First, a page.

Resources [ Hot Topic]

The New Revenue Recognition Guidance: Key Points for Manufacturers

The New Revenue Recognition Guidance: Key Points for Manufacturers

Over three years have passed since the Financial Accounting Standards Board (FASB) issued its landmark revenue recognition guidance. Despite that time lag, many manufacturers and distributors have not yet started to seriously consider implementation steps. Entities should begin assessing how they will be impacted by the new standard in order to develop an appropriate implementation approach to ensure a smooth transition. This includes evaluating existing revenue contracts and accounting policies in order to identify potential changes that will result from adoption of the new standard.

 

What are the key points of which all manufacturers and distributors should be aware?

  • • Implementation dates of the new guidance:
    • • Non-public entities: years beginning after December 15, 2018 (calendar year 2019)
    • • Public entities: years beginning after December 15, 2017 (calendar year 2018)
  • • Entities will need to go through the five-step process: identify each good or service promised to a customer, determine whether each good or service is a performance obligation, determine the transaction price, allocate the transaction price to each performance obligation and recognize revenue when each performance obligation is satisfied.
  • • An agreement does not qualify as a contract (and therefore may not be considered for revenue recognition) unless collection of amounts due from the customer is probable. This is different from current GAAP, which requires that collection must be “reasonably assured.” Collection focuses on a customer’s ability and intent to pay, and if there are changes in circumstances during the life of the contract, the contract will have to be reassessed. Such a reassessment could impact recognition of revenue on future goods and services to be transferred.
  • • The new standard introduces the concept of a “performance obligation,” which is a promise to transfer a good or service that is distinct, or a series of distinct goods and services, to the customer. Going forward, the performance obligation – not the contract – is the unit of measurement for revenue recognition.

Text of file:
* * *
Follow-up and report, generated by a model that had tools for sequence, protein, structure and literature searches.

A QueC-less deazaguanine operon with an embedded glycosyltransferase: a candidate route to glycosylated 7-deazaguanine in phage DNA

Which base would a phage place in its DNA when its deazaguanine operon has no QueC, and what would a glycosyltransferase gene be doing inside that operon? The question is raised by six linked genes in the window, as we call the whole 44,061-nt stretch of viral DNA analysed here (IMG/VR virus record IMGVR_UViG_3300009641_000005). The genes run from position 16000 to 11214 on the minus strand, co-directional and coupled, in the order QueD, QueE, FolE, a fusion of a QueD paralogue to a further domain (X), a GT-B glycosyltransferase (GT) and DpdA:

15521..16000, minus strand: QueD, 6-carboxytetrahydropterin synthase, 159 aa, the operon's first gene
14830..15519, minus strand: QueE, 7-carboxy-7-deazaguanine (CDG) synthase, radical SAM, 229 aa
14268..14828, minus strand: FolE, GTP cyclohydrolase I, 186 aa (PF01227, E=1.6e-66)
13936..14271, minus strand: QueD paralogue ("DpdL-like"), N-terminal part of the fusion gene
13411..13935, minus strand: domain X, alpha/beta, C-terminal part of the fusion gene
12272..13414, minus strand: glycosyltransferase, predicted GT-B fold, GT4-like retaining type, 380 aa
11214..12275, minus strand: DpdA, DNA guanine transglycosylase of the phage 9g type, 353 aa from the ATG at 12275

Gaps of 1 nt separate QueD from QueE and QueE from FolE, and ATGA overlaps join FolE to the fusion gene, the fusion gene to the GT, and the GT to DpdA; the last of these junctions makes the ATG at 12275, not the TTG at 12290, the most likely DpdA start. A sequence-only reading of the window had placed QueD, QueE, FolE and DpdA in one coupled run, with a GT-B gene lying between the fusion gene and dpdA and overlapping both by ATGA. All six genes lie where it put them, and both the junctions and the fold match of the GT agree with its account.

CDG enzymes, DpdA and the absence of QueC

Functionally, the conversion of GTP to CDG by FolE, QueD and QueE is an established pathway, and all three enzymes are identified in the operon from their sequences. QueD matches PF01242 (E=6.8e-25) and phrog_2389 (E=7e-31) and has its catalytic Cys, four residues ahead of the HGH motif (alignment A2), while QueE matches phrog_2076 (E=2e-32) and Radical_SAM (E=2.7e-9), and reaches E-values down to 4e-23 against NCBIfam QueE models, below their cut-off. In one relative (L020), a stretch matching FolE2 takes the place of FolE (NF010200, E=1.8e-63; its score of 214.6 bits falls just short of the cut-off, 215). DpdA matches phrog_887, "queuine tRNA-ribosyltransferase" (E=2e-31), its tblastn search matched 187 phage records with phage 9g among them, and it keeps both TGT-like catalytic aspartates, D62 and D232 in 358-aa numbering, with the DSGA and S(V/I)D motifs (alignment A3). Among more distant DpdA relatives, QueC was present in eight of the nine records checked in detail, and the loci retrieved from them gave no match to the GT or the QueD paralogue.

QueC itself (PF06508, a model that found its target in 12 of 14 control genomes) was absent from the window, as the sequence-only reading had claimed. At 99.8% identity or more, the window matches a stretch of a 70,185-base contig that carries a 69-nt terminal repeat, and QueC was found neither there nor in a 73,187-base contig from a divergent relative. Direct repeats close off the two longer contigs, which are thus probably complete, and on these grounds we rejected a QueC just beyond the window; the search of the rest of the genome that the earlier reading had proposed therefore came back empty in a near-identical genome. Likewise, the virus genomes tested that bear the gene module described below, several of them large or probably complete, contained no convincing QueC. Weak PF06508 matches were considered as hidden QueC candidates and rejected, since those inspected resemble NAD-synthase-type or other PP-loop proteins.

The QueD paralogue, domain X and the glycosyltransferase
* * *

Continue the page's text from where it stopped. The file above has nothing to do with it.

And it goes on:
• • The new standard also introduces the concept of “variable consideration,” which includes claims, penalty or incentive provisions, change orders for which pricing hasn’t been determined, etc. Variable consideration may be included in the transaction price (ie: “contract value,” in today’s terms) if it is probable that a significant reversal will not occur upon resolution of the uncertainty. An entity must elect whether to use the expected value or most likely amount methods in determining the amount of variable consideration to consider in calculating revenue. A general rule of thumb is that “probable” means that the outcome has a 70-80% chance of occurring. Variable consideration will need to be assessed at each reporting period.
  • • There are two transition options for implementation:
    • • Full retrospective method, by which an entity adjusts its prior-year financial statement balances in the year of implementation.
    • • Modified retrospective method, by which the cumulative effect of retrospective application is recorded at initial adoption.
  • • There is now extensive disclosure requirements related to revenue recognition policies and results. These disclosures will provide financial statement users with quantitative and qualitative information regarding revenue recognition policies and how they are applied.

 

The above just highlights the various considerations in implementing the revenue recognition guidance. There are many more factors, and each will need to be assessed for your company’s specific contracts. Please give us a call to discuss how the revenue recognition guidance affects your company.




Blue & Co.,LLC - Read more in our Hot Topic Archive! Click Here. Like what you read? Subscribe to our  newsletter. Click Here.